Yet another night alone in the hotel, watching football and flipping through the take out menus. Jared was on another business trip. Always travelling in the company of his iron pressed suits, paperwork, and emptiness. The kind of emptiness that could only be filled by binge eating slices of Meat Lover’s pizza. He finally decided to get Domino’s. “How original,” he thought. But he didn’t mind it. He loved his job. He loved traveling. Although he never made it out of his hotel room, he told himself, as he stuffed yet another slice into his mouth, next time he will.
Sheets muffled radiating a silence cutting through empty space and breaking these hearts. Hearts that sink in myself and the heat radiating next to me. Leaning to squeeze his hand feeling lost in the emptiness only a hotel room can bring. If that call would ring through, if that moment could happen, I could erase this pain and that inhospitable environment. I could have a child lay between us, and I could know that he would be a daddy. I want that more than I desire to hear momma, and then silence breaks. RINGS blast through, “we’re ready for you.”
“Room 278, our jacuzzi suite! Merry Christmas!” You pull your car around the back and grab your duffel bag from the passenger seat. You walk up to a door with salt loudly crunching under your feet. You head up to the second floor and slide your key into the door. The room smells like disinfectant and freshly laundered sheets. You turn on the hot water faucet in the jacuzzi tub, open your bag, and set the pill bottle on the edge. You place an envelope marked “Martha” on the desk. You disrobe and enter the tub. You open the bottle.
A muddy river of thoughts rolled through his head, none of them ever becoming quite solid enough to hold onto. He looked around the dimly lit hotel room and focused upon the table near the window. He walked over and grabbed the bottle of pills sitting there. Henry Rimington. Donepezil. Two pieces of a puzzle he couldn’t quite solve.
A cell phone rang.
“Where are you, Henry? I’ve been worried sick. Why don’t you come home already?”
He felt his heart rate increase, his face become flushed. It was the dream where he wasn’t wearing pants.
“Who is this?”
“And what do you think these dreams may mean?”
“Why are you calling them dreams!” Vincent screamed. “I keep telling you, it happened…it all really happened.”
“But you can’t prove that can you?”
“I can.” Vincent drew a stick from his inside coat pocket. He twirled it once and a slight breeze swept through the office. “See, it’s magic. I don’t know how to really use it yet, but it works.”
“Of course it does.” Said the doctor, taking the stick from Vincent. The timer rang, the session ended, and the doctor turned around. The windows were shut and locked.
I closed my eyes for a moment – I needed to remember why I was here. I longed for the smell of fresh linen though I don’t remember why. When I stepped through the doorway I was met with the familiar freshness mixed with hints of sage and candle smoke. I began to remember: long brunette hair, her unique eyes, the clamoring laughter – melodically dissonant.
I laid my head on the pillow and fell asleep in hopes of dreaming; remembering. There she was, one hand on my waist the other wrapped around an amber bottle of seasonal ale.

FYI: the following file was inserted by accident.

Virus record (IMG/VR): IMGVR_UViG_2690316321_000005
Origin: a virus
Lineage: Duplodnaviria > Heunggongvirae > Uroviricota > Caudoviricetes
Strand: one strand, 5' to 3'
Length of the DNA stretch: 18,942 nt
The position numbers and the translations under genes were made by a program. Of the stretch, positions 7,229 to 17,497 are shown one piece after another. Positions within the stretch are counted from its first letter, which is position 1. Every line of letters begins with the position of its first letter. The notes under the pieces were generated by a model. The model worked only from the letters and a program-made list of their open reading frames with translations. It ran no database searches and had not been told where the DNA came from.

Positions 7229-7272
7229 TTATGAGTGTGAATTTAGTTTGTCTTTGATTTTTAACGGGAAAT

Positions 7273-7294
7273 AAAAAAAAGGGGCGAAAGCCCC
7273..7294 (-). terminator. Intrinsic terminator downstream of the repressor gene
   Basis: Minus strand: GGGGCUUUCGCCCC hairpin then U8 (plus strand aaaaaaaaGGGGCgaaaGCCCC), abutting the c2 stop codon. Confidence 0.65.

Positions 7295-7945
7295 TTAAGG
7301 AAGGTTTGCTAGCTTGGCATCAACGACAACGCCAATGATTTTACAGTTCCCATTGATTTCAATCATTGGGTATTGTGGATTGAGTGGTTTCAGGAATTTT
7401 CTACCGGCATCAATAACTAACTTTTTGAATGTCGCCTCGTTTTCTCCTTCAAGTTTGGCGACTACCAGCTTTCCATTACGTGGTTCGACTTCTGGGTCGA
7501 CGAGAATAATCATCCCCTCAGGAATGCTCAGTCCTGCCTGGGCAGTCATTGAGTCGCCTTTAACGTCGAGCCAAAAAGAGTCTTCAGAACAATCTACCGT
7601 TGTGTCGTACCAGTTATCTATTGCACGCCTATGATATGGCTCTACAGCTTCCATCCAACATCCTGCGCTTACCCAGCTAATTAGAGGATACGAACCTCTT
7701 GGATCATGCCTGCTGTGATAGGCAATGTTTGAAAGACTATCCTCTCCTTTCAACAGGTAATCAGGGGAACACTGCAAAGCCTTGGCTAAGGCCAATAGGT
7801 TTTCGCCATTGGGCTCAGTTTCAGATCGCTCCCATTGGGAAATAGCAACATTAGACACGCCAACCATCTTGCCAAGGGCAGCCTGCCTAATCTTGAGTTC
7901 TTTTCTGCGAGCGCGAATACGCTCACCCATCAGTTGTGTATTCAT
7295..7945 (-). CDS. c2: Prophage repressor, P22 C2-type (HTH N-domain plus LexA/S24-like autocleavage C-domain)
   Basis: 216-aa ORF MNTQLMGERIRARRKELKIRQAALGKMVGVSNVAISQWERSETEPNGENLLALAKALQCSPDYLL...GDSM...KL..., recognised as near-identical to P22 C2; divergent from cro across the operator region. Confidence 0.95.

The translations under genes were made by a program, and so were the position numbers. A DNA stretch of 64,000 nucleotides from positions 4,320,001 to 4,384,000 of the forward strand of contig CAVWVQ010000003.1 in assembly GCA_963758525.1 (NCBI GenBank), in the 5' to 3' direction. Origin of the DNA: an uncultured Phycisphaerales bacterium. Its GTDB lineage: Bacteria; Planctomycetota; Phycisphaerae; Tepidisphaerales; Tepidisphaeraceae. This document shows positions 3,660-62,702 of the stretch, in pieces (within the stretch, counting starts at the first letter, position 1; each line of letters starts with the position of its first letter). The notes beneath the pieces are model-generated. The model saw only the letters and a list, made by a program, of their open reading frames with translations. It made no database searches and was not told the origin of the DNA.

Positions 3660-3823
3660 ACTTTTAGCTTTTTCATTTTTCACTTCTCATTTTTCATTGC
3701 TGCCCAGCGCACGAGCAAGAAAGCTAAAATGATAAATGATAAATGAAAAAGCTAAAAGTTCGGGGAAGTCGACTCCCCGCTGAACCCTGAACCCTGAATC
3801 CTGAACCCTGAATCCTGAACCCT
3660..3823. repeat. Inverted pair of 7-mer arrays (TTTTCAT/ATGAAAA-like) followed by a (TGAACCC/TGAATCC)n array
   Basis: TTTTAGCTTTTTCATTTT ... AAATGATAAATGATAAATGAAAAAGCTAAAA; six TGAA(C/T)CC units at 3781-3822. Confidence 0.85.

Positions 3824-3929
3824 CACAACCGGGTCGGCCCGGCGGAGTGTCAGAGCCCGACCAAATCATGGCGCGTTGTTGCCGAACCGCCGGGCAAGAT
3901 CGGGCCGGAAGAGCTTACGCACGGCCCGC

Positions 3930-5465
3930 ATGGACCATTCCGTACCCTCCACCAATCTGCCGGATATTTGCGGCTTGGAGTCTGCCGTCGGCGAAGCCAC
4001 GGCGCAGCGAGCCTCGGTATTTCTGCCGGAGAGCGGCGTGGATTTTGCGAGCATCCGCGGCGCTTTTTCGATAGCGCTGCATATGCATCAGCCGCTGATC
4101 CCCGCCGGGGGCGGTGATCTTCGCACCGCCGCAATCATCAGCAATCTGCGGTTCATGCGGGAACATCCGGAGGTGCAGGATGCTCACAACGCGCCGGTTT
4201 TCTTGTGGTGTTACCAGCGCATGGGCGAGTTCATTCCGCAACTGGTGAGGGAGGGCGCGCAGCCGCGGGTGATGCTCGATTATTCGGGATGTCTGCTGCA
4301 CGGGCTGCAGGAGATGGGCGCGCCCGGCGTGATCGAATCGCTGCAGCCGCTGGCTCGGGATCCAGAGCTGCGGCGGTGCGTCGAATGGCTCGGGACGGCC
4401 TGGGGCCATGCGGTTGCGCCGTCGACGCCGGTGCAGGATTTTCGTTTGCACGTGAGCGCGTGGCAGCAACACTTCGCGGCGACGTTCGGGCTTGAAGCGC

And the Word was made flesh, and dwelt among us.
Often, I ponder this mystery. How ideas condense, gain substance, take form – step from thought into physical reality. Like most, I entered the priesthood because I believed.
Those dark nights of the soul, despairing of the call, I abandon the parsonage – rife with crucifixes – and get a hotel room. For the impersonality. To imagine other lives I might be leading. Then I’ll notice something. Shadows, maybe. Lamps like red tear drops. And I remember Christ’s perspired blood droplets in Gethsemane.
Father, if thou be willing, remove this cup from me.
A bit improved:
Often, I’ve pondered this mystery. How ideas condense, gain substance, take form – step from thought into physical reality.
After all, I entered the priesthood because I first believed.
Those dark nights of the soul, despairing of the call, I’d abandon the parsonage – nailed wall-to-wall with crucifixes – and get a hotel.
To imagine parallel lives I might be leading.
Then I’ll notice something in the room. Shadows, perhaps. Lamps like red tear drops. And I’ll remember Christ’s perspired blood in Gethsemane.
The energy in my room is reminiscent of you. I feel your absence on your side of my bed. It hangs from the hangers that used to hold your shirts. Sometimes it wraps me up and holds me there. Tonight I have to leave.
I check in by myself, wondering if a hotel room can actually be a neutral space. I collapse onto the bed and inevitably, I think of you. Maybe it’s not physical space you’ve invaded, but the space in my mind. I turn off the light, plunging myself into darkness, and brace myself for the night ahead.
She wearily inserted the keycard and pushed the door open. She struggled to find the light switch as she maneuvered her suitcase and duffle bag through the doorway. The light flicked on weakly. The small room smelled musty and dank. She pulled back the comforter of the bed and flopped into the ocean of starched white hotel sheets. This was not the Ritz. Hell, this was barely a Motel 8. But she was finally safe. That night, she slept soundly for the first time in 62 days, but she was sure to keep the pistol on the nightstand beside her.